Presented by Civic Theatre in association with Metropolitan Players
A 19-year-old man has just stood trial for the fatal stabbing of his father. "He doesn't stand a chance," mutters the guard as the 12 jurors are taken into the bleak jury room. It looks like an open-and-shut case - until one of the jurors begins opening the others' eyes to the facts.
“12 Angry Men” is a play by Reginald Rose adapted from his 1954 teleplay of the same title. A 1957 feature film adaptation, produced and written by Rose himself, was directed by Sidney Lummet and received 3 Academy Awards nominations, including Best Picture. It was first staged in a 1964 London production and then many years later on Broadway. It was revived on Broadway in 2004 then the West End in 2013. The Broadway revival in 2004 received 3 Tony Award nominations and it won a Drama Desk Award, an Outer Critics Circle Award and the Drama League Award for Outstanding Revival of a play. There was also a hugely successful Australian production that toured to Brisbane, Sydney and Melbourne and it won 3 Melbourne Green Room Awards and a nomination for Best Play at the Helpmann Awards. Some of the cast included Shane Bourne, Peter Phelps, Marcus Graham and Henri Szeps.
The drama depicts a jury forced to consider a homicide trial. A young delinquent is on trial for the murder of his aggressive father. The judge has directed the jury to find the boy guilty if there is no reasonable doubt. They have also been instructed that a guilty verdict will be accompanied by a mandatory death sentence. At the beginning, eleven of the jurors declare there is no reasonable doubt, but one of them, while far from convinced of the boy's innocence, feels that some of the evidence against him has been ambiguous. This starts a series of intense discussions between the jurors that reveals their personalities and their reasons for discriminating against the defendant such as his race, background and the troubled relationship between juror and his own son. It is the one dissenter's job to try and gradually win over the other jurors to a unanimous not-guilty verdict.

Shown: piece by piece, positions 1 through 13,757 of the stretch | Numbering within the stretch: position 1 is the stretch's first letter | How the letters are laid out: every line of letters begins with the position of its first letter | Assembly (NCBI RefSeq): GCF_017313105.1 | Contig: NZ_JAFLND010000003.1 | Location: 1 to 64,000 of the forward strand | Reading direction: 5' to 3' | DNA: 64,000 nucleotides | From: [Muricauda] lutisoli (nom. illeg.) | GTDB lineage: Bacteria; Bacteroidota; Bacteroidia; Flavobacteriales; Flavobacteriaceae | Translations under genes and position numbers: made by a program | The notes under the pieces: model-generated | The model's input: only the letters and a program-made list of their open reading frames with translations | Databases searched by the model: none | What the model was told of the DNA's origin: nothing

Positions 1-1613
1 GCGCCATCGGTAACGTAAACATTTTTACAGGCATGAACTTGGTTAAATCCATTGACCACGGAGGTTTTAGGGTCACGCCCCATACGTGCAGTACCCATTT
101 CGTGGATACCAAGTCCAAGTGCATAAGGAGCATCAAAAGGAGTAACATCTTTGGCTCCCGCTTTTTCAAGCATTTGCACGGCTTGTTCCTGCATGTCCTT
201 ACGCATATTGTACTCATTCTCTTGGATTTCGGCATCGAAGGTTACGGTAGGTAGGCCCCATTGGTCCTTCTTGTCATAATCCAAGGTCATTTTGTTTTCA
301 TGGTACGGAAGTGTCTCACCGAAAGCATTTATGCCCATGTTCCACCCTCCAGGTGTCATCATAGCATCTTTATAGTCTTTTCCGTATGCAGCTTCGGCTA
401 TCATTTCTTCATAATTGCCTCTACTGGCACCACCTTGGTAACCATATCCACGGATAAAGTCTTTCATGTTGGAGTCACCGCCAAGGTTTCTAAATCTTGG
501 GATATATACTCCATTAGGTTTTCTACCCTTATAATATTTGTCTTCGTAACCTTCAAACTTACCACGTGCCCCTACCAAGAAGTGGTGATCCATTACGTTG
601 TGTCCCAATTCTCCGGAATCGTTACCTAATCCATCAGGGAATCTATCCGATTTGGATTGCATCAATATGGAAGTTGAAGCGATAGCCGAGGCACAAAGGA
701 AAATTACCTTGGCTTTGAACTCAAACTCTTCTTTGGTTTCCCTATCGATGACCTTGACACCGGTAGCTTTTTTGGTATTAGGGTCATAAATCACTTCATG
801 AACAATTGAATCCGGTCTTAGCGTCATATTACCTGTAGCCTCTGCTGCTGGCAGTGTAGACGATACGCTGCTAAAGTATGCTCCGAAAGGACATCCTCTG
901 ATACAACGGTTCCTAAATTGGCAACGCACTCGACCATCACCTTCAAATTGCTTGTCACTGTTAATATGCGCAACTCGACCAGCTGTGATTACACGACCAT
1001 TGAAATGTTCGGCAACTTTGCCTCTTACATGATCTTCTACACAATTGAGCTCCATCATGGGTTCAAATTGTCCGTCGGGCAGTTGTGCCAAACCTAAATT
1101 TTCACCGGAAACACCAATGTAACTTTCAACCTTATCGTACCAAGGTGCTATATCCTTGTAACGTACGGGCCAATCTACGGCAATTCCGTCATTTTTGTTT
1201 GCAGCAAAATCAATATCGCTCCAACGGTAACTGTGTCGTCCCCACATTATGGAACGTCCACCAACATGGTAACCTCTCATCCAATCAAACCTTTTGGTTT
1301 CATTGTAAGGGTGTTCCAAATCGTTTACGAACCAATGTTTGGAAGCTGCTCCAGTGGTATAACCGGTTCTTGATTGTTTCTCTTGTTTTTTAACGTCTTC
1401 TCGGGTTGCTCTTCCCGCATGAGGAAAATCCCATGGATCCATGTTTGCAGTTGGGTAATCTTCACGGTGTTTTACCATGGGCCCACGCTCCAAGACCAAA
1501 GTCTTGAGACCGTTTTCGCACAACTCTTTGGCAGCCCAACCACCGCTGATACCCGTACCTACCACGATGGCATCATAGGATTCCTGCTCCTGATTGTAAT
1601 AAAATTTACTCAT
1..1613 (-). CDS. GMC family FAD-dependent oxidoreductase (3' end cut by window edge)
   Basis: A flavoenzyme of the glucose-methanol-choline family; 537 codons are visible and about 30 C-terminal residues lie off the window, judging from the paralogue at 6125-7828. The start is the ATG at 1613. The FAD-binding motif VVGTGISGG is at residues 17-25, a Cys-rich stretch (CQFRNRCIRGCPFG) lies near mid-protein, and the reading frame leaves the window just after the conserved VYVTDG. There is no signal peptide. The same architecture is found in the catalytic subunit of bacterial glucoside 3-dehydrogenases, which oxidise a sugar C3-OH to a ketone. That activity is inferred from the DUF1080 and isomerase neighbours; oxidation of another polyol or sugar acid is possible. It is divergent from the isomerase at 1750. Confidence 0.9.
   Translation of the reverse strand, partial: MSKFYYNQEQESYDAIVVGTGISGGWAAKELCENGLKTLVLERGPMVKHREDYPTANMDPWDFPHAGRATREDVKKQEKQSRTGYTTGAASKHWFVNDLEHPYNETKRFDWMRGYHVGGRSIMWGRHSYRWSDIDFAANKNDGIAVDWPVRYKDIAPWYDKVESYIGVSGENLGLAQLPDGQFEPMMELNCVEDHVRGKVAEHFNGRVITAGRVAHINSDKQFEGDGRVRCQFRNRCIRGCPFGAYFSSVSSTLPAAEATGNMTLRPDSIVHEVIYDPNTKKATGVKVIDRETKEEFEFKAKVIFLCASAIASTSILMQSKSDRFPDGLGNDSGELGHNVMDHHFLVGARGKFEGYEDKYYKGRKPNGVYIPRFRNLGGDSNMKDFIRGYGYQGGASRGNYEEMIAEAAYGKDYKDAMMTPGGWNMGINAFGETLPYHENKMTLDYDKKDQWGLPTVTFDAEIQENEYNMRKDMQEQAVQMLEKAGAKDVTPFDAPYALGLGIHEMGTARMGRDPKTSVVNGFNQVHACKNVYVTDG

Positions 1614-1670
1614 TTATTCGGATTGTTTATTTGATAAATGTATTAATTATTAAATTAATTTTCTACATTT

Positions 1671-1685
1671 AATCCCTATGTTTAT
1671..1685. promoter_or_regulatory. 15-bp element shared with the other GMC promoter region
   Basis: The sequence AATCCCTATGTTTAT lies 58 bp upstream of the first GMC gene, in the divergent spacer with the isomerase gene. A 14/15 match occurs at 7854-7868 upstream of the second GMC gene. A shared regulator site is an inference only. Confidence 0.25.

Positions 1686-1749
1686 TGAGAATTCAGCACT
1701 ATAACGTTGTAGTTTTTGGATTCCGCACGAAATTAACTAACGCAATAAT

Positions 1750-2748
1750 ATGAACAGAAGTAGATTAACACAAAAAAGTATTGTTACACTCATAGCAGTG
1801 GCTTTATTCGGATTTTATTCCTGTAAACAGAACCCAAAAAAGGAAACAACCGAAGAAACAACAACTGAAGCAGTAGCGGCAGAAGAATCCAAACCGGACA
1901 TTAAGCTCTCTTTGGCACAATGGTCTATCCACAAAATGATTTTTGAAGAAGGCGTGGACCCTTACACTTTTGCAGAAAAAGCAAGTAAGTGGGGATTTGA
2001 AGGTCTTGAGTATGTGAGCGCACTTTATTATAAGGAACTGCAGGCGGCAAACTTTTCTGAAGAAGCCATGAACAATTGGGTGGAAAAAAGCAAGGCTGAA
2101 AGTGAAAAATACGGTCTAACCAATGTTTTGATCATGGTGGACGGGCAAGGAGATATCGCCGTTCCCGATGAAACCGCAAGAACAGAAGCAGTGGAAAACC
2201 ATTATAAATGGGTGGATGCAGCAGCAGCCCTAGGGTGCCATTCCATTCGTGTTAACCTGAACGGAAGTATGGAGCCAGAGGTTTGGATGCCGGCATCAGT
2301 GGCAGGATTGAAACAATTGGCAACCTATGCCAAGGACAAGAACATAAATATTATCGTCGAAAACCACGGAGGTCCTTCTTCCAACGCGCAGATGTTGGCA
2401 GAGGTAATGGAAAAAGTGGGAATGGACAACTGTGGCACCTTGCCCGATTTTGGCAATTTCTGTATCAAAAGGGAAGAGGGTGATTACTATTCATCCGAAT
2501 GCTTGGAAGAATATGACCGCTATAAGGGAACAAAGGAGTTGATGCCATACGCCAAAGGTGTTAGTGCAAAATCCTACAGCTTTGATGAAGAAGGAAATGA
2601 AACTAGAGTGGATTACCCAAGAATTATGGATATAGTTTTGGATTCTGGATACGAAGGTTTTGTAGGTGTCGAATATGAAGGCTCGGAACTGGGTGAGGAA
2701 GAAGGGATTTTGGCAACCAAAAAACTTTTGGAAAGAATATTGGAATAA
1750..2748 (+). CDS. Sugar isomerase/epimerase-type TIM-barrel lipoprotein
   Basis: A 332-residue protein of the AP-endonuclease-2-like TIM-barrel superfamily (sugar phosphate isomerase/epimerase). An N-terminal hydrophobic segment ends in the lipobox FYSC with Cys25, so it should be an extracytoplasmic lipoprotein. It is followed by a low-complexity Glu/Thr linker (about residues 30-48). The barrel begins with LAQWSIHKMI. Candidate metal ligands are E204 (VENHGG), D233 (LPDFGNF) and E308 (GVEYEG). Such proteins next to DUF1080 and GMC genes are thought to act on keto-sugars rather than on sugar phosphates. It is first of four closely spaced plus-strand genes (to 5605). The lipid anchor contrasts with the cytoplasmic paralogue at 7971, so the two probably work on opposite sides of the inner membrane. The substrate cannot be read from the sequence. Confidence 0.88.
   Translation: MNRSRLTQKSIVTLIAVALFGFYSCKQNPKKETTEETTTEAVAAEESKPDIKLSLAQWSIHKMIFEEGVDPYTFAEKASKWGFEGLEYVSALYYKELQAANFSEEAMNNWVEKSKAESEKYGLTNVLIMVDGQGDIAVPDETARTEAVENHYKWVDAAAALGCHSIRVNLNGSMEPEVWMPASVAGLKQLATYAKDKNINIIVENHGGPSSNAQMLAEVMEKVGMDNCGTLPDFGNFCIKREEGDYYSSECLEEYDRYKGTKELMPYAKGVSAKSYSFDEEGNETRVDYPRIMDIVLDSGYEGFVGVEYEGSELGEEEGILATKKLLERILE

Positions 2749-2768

So, does the jury come to a unanimous verdict? You need to come and see this gripping play to find out. Even though the play is set in 1954 it is still just as relevant today as the role of the jury hasn't changed – they are to ensure that justice is done.
The Playhouse is an intimate multi-purpose theatre for smaller live performance events. A thrust studio theatre seating 179 in raked seating, the Playhouse is perfect for community theatre groups. It also provides great audience comfort, uninterrupted vision of the performance space and accessibilityility.
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